The Future of Sports

The most impressive thing about climbing Mt. Whitney wasn’t that I climbed Mt. Whitney. It was that, 15 minutes after arriving back at our hotel in Lone Pine, swollen and sore, I hopped on the phone and interviewed Shaun White. Then Tricia and I drove four hours home to my apartment in Santa Monica, unpacked, re-packed, went to sleep and woke up the next morning in time to be at skateboard vert practice at the Nokia Theater in downtown LA at 10 a.m.

Usually, the X Games, and the lead-up to it, is the biggest mountain I climb each summer. This summer, it was the thing I did after climbing a mountain. But man, did I have a good story when people I hadn’t seen in a while asked me about my summer. “What have you been doing lately?” “Did I see on Facebook that you girls climbed Mount Whitney?” Yep! Yesterday!

This year, I was back as part of the dotcom staff, which I loved. I wrote daily features that got great front-page play on and previewed the next day’s top story. If you want to check them out, there was a Preview Piece, a story on Shaun White’s Summer Skating, a piece on what it means to Race Rally on a Shoestring Budget or Be The Only Racer in Speed & Style, and finally, an Event Wrap-Up.



After the X Games, I headed to Huntington Beach to be part of a panel at the annual Group Y Action Sports Conference. My panel included Brian Johnston, the marketing director for the UFC (formerly of Burton snowboards), and Tim McFerran, president of the Maloof Money Cup. Our topic: action sports vs. mainstream sports. It’s a subject folks ask me about a lot, since few people spend as much time straddling both worlds as I do, and it’s a topic I like talking about. I think I have an interesting perspective.

Last weekend, while I was in Cleveland for my cousin Lauren’s high school graduation, my parents, sister and cousin Donny went to an auction. I was back at my cousin Jen and her husband Chris’s house (parents of Lauren, You might remember them from the Fan Issue) listening to LeBron jokes. My favorite: “Did you hear LeBron’s teaming up with Charlie Daniels?” my Uncle Lee, a die-hard Cavs (and Browns) fan, asked me. I told him that, no, I had not heard this. “Yeah, he’s going to play second-fiddle for him, too,” he said. If I were LeBron, I’d steer clear of the general Cleveland area for quite some time, and specifically the Roenigk and May homes in Hudson. The wound is still open.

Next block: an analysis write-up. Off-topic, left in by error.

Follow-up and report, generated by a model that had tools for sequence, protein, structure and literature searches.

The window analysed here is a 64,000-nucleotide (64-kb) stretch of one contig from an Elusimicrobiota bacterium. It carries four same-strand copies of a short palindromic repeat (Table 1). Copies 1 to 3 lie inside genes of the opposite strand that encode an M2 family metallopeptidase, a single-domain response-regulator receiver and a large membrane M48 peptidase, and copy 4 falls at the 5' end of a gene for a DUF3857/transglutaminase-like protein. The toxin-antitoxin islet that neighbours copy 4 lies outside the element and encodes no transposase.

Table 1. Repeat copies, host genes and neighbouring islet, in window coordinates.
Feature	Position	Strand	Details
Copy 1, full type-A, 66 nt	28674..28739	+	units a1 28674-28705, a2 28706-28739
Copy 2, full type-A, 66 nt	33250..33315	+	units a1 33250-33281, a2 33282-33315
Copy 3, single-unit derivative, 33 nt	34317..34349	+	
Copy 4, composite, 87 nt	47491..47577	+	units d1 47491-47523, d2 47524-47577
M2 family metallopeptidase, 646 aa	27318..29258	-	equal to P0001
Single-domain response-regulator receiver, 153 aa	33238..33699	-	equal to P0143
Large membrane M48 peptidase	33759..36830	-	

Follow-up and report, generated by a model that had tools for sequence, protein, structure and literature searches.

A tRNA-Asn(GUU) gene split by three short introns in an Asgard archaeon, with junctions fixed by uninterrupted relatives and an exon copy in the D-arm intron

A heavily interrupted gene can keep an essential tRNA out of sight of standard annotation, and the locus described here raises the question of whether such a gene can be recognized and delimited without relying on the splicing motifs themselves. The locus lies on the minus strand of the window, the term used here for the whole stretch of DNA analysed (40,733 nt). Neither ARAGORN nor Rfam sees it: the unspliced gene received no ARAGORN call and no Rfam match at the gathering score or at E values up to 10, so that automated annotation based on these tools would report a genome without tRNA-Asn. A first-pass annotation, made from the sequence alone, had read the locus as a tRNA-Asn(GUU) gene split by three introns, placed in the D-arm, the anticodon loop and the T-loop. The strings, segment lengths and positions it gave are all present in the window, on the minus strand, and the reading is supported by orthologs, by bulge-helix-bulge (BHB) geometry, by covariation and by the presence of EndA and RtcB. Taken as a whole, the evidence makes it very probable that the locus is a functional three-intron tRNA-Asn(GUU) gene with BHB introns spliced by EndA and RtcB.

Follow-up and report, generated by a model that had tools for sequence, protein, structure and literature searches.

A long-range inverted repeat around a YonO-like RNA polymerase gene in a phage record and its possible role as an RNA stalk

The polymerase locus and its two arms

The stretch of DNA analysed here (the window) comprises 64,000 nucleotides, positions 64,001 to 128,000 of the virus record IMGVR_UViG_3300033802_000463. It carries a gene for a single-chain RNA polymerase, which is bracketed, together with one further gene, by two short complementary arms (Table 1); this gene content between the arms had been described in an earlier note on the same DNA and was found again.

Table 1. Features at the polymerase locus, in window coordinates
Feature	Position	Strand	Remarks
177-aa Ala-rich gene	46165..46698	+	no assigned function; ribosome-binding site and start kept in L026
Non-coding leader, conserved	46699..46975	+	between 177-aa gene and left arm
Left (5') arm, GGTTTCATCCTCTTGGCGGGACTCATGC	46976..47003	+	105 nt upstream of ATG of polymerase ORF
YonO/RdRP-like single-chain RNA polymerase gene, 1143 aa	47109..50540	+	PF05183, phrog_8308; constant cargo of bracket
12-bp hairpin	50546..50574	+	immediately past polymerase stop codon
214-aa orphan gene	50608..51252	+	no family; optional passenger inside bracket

Anyway, at the auction, my cousin bid on, and won, a copy of the first issue of Sports Illustrated, from 1954. It was fun to look through the pages and see what a different magazine it was back then. But what was even cooler was to see how different the sports landscape was back then. Today, when we talk about how sports is changing and try and predict what sports will be popular in the next few decades, I see a shift away from team sports and toward a lot of the sports I cover. No, I don’t believe snowboarding will boast the kind of ratings football or NASCAR brings. But I believe the participation numbers for sports like skateboarding, surfing and snowboarding will encroach on Little League, Pop Warner and soccer. And I believe that, 10 years from now, we will watch shows like SportsCenter and see highlights from the X Games and the U.S. Open of Surf in the same segment as clips from NFL training camps and a double-header at Yankee Stadium. I don’t think the sports world will become homogenized, nor do I think showing skateboarding on SportsCenter will detract from what makes action sports (or extreme sports or adventure sports) attractive to the kind of creative, free-thinking, open-minded, me-first kids they now attract. I just think, at their roots, sports are sports and people are becoming more and more well-rounded in the sports they play and the sports they are interested in knowing about. And that will only continue.

But that opinion is always a tough sell, even though much of it is based in statistics and fact. It’s hard for people to break away from thinking that the most popular sports today have always been the most popular sports and will continue to stay that way.

That’s why this issue of SI was so cool. In it was a story called “The Golden Age is Now.” The subhed said this: “For world-wide interest, for widespread participation, for shattered records, for thrilling triumphs of the human spirit, this is the greatest sports era in history.” Then, on the fourth page of the story, was a photo chart detailing the leading spectator and participatory sports of that year. (See below.) Sure, 56 years sounds like a long time. But is it? If the sports world can change this much in half a century, just think what it will be like 20 or 30 years down the road. Who knows? Maybe, one day, the X Games will be as big as softball was in 1954.



  1. Joanne Roenigk on August 10, 2010 at 2:05 pm

    Thank you for finally mentioning Uncle Lee I am sure it made his day

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